Both New York law and our own local rules permit us to certify to New York's highest court “determinative questions of New York law [that] are involved in a case pending before [us] for which no controlling precedent of the Court of Appeals exists.” 22 N.Y.C.R.R. § 500.27; see also 2d Cir. R. 0.27 (“Where authorized by state law, this Court may certify to the highest court of a state an unsettled and significant question of state law that will control the outcome of a case pending before this Court.”), available at 28 U.S.C. Rules Pamphlet, Pt. I 352 (2008). Whether we ask a state court to resolve unsettled legal questions will depend on, among other factors: “(1) the absence of authoritative state court decisions; (2) the importance of the issue to the state; and (3) the capacity of certification to resolve the litigation.” O'Mara v. Town of Wappinger, 485 F.3d 693, 698 (2d Cir.2007); see also Reliance Ins. Co. v. Polyvision Corp., 474 F.3d 54, 58 (2d Cir.2007) (characterizing the same three factors noted in O'Mara as “three principal issues” (emphasis added)); Tinelli v. Redl, 199 F.3d 603, 606 n. 5 (2d Cir.1999) (“Certification ․ is not proper where the question does not present a complex issue, there is no split of authority and sufficient precedents exist for us to make [a] determination.” (internal quotation marks omitted)).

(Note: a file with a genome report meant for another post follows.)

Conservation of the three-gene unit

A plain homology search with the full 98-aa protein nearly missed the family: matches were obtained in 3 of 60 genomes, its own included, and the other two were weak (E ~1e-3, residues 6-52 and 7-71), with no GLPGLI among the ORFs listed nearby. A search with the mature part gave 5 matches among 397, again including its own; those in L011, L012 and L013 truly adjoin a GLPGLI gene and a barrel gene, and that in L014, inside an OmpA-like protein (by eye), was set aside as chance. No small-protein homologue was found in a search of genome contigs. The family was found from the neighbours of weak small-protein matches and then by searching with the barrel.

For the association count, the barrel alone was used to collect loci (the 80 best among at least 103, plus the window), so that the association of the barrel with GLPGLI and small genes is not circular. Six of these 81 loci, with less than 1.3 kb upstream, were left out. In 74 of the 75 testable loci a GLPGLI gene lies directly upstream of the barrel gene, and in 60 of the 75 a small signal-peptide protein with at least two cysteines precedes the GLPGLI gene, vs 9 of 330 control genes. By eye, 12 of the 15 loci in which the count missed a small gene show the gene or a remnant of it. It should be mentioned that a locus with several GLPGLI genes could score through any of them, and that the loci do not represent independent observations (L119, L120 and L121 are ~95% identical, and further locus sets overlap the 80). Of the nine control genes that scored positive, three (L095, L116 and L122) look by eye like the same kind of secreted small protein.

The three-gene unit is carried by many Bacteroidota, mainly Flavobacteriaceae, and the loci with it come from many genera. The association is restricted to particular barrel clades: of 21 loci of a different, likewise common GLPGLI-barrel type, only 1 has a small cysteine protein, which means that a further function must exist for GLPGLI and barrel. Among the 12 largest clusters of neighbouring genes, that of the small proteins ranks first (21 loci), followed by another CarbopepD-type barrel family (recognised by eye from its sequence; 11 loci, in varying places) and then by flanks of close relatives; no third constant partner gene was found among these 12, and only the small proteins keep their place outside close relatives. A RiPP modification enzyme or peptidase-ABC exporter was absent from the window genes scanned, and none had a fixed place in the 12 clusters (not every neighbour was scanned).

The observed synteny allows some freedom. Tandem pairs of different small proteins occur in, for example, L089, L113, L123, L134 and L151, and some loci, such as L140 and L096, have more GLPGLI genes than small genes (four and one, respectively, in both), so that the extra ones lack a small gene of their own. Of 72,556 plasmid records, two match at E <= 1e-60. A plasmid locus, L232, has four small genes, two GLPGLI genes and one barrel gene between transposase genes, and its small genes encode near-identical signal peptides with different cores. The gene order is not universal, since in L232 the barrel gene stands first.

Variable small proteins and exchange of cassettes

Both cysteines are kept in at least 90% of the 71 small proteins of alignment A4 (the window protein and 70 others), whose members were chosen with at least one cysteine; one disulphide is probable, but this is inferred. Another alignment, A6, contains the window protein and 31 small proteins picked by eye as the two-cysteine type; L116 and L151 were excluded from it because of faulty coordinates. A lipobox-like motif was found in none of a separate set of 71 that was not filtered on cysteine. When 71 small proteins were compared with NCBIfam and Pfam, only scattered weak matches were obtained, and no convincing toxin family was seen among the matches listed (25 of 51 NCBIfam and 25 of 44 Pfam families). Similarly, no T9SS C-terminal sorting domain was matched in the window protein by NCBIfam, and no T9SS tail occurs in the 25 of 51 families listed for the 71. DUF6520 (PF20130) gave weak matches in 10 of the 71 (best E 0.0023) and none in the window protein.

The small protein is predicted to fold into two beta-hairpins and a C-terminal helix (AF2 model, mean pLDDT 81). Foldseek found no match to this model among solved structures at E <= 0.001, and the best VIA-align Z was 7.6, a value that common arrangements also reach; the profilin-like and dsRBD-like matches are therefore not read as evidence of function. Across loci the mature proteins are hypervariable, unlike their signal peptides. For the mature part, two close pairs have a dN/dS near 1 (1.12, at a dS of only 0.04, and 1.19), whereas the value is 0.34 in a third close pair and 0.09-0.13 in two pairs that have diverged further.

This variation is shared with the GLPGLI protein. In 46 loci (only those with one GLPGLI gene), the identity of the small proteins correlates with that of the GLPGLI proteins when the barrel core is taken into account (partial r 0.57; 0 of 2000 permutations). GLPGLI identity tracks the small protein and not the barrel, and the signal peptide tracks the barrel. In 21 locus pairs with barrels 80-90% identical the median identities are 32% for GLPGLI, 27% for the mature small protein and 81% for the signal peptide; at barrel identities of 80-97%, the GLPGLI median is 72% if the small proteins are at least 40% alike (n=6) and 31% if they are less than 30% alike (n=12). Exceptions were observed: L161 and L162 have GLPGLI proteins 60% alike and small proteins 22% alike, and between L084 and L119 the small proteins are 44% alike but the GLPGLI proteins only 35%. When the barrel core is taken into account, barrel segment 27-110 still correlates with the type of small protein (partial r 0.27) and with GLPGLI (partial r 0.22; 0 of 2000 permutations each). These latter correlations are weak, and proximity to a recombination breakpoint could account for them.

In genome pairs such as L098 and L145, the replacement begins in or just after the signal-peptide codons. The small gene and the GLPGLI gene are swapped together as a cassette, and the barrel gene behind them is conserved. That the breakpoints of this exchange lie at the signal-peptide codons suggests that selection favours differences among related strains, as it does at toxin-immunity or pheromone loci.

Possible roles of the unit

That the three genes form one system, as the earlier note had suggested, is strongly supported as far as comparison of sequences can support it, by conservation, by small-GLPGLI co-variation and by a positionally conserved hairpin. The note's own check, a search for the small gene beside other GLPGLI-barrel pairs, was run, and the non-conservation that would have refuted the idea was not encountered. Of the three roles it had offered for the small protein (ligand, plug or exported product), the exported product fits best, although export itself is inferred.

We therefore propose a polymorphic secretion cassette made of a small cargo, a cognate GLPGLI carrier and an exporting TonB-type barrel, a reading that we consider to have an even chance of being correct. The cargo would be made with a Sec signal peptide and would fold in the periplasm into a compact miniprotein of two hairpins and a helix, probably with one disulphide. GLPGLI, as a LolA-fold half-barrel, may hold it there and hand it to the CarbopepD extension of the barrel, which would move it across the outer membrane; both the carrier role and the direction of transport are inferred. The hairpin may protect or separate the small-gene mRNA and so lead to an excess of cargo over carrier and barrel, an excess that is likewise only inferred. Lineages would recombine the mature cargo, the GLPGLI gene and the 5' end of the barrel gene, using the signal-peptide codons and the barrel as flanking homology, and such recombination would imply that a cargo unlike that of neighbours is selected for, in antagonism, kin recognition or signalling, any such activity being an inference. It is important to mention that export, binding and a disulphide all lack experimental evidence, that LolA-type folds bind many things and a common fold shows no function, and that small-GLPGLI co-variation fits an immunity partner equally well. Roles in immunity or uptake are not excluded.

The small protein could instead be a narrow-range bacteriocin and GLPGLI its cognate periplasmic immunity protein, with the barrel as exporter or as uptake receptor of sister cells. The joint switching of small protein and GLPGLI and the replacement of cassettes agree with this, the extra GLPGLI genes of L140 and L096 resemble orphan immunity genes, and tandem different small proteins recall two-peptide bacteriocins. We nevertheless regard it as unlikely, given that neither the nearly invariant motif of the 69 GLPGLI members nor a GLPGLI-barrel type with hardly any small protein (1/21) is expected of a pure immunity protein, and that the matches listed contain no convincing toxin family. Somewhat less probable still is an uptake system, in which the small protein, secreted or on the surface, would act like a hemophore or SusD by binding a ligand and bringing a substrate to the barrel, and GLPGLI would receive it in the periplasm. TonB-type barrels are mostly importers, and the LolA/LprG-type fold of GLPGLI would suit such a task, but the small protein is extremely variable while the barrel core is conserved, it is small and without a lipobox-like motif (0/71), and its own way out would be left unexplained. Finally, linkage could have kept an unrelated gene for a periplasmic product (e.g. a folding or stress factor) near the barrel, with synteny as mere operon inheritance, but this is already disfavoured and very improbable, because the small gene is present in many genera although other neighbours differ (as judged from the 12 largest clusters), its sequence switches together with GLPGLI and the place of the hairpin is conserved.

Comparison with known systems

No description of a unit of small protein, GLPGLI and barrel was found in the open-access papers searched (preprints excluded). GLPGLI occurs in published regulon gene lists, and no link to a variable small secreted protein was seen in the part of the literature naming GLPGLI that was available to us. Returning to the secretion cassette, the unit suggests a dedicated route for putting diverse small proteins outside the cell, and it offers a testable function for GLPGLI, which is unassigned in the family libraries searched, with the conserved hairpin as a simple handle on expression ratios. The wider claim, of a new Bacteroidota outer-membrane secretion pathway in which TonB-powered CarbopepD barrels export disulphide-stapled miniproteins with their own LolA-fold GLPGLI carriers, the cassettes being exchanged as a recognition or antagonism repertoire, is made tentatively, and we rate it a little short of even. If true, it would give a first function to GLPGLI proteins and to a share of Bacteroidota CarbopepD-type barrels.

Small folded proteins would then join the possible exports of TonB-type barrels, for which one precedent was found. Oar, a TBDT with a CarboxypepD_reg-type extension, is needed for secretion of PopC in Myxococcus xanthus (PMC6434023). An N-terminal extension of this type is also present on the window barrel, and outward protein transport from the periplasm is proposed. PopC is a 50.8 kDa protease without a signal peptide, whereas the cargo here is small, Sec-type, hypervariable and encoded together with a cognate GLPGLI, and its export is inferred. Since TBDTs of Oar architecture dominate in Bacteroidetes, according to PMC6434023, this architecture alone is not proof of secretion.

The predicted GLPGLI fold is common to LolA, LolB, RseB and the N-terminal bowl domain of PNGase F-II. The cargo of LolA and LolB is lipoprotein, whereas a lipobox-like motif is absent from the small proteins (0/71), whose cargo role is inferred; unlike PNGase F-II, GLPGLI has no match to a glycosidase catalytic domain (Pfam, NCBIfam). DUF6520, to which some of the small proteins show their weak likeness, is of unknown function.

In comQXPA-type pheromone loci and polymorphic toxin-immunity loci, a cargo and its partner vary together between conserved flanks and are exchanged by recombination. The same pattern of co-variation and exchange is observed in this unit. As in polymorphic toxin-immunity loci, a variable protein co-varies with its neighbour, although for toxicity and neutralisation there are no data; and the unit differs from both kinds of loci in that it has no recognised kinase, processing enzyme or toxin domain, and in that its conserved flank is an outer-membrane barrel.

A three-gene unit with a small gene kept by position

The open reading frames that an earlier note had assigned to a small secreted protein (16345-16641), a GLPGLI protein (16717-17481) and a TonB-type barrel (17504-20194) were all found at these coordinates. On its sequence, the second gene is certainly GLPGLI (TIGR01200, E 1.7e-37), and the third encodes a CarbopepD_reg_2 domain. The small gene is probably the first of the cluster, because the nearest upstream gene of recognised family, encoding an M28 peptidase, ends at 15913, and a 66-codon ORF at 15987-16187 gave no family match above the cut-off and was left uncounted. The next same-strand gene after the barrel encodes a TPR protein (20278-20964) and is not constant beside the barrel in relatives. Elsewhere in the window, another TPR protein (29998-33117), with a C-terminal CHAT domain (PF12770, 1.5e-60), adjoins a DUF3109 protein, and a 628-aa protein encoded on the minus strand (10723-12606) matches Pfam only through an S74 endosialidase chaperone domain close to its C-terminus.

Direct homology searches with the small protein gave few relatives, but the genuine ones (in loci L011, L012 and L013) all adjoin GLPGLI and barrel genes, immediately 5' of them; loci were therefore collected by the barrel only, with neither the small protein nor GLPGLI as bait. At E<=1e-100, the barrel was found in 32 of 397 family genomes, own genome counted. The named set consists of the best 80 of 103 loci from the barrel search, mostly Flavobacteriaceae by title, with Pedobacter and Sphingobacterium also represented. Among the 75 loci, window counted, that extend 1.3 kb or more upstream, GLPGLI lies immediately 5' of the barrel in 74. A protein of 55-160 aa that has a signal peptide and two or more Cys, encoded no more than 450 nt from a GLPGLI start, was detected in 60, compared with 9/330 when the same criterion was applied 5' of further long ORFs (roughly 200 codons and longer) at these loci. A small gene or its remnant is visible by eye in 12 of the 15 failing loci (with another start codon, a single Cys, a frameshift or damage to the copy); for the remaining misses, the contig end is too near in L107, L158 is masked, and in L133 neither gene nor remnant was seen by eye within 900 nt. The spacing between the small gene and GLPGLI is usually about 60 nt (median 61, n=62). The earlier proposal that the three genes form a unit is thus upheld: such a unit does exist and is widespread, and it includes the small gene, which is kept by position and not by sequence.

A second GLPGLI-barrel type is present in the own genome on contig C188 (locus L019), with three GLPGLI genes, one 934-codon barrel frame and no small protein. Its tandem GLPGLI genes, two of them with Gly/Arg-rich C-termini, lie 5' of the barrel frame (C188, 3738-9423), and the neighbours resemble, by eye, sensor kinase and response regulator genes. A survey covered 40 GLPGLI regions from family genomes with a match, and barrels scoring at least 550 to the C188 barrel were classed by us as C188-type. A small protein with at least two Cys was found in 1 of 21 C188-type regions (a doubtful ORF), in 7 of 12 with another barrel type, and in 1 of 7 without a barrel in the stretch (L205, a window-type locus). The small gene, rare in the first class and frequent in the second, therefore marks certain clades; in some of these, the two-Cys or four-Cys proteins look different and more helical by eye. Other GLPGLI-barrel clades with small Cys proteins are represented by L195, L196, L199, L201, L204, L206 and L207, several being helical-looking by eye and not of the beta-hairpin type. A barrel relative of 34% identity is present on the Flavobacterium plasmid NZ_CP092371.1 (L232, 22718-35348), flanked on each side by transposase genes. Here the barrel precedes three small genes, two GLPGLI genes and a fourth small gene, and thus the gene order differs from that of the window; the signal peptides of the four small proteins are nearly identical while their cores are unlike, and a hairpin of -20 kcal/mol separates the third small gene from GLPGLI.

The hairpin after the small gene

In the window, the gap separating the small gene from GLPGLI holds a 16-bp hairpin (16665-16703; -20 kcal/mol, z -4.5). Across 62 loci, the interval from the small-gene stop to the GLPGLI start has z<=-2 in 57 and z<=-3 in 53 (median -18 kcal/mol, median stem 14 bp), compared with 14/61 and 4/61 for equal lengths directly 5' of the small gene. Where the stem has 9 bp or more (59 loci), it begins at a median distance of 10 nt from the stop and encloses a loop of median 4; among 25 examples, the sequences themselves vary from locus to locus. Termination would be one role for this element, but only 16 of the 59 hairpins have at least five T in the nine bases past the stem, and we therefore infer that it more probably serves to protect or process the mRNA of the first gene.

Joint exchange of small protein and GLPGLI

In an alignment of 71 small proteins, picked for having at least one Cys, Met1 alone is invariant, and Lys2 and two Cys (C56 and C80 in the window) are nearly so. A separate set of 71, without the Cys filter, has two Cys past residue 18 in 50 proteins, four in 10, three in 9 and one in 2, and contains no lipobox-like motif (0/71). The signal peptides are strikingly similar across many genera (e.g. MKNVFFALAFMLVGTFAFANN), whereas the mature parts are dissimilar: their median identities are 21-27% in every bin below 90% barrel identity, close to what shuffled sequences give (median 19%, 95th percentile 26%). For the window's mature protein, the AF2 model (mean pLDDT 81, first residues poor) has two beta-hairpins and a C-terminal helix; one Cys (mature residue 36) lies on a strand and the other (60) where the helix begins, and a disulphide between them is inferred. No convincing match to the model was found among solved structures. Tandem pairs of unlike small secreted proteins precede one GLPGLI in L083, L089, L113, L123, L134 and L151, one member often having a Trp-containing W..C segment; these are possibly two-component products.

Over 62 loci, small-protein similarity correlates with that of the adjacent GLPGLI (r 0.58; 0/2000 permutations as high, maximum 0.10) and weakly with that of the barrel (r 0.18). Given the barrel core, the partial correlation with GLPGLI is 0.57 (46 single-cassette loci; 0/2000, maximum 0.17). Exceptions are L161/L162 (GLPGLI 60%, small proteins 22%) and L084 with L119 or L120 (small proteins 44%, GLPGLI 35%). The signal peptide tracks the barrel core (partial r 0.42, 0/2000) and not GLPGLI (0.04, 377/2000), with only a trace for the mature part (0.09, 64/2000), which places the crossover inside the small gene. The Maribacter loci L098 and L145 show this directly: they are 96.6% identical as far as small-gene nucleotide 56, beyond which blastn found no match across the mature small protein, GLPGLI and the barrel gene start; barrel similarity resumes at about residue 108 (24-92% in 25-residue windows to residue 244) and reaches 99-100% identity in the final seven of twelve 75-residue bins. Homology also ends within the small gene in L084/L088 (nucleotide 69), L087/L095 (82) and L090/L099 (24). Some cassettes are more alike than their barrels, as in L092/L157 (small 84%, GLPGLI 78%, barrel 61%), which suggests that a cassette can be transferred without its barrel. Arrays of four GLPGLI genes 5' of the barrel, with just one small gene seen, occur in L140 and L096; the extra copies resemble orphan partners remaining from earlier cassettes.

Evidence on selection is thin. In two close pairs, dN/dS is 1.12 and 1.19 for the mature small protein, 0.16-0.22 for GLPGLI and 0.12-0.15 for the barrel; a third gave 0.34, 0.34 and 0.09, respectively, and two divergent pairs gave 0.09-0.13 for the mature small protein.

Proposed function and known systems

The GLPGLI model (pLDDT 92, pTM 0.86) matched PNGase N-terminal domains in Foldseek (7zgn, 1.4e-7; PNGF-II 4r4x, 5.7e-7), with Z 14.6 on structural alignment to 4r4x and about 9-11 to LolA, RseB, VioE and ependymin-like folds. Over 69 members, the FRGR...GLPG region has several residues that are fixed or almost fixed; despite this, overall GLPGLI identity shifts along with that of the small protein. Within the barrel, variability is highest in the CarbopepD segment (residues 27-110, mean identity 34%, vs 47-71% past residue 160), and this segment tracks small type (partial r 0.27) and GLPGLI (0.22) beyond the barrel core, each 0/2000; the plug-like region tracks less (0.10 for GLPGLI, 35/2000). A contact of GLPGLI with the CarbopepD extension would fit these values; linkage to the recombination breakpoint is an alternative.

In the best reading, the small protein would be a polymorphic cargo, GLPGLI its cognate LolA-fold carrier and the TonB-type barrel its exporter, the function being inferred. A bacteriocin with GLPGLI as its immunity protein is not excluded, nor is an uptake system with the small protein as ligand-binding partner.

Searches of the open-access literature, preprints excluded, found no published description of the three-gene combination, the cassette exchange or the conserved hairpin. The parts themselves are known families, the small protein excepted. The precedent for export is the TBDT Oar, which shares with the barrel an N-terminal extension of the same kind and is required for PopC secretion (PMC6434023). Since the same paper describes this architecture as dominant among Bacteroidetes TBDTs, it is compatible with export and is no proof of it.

In light of these principles, we conclude that the question whether the Faragher-Ellerth defense applies to section 8-107, subdivision 13(b) of the New York City Administrative Code is appropriate for certification. First, this question has not yet been addressed by the New York Court of Appeals.4 Second, this is a question of considerable significance. As the District Court noted, employment discrimination cases are a substantial portion of the caseload for the District Courts of this Circuit. See Zakrzewska, 598 F.Supp.2d at 437. Because plaintiffs often assert claims under state and city antidiscrimination laws, a resolution of the vicarious liability standards and defenses applicable under those statutes is needed. Although a decision from our Court is binding only within in the federal courts of our Circuit, our interpretation of the New York City Administrative Code would undoubtedly have some impact on employment discrimination claims pending in the state courts as well. We therefore proceed with caution and deference to the New York Court of Appeals. Third and finally, the answer to this question is necessary to the resolution of this lawsuit. See Zakrzewska, 598 F.Supp.2d at 437 (“[T]his is a controlling question of law, the resolution of which would materially advance the ultimate termination of this litigation, as application of Faragher-Ellerth here would result in dismissal of the action against TNS.”).
Accordingly, we certify the following question to the New York Court of Appeals:
Does the affirmative defense to employer liability articulated in Faragher v. City of Boca Raton, 524 U.S. 775, 118 S.Ct. 2275, 141 L.Ed.2d 662 (1998) and Burlington Industries, Inc. v. Ellerth, 524 U.S. 742, 118 S.Ct. 2257, 141 L.Ed.2d 633 (1998) apply to sexual harassment and retaliation claims under section 8-107 of the New York City Administrative Code?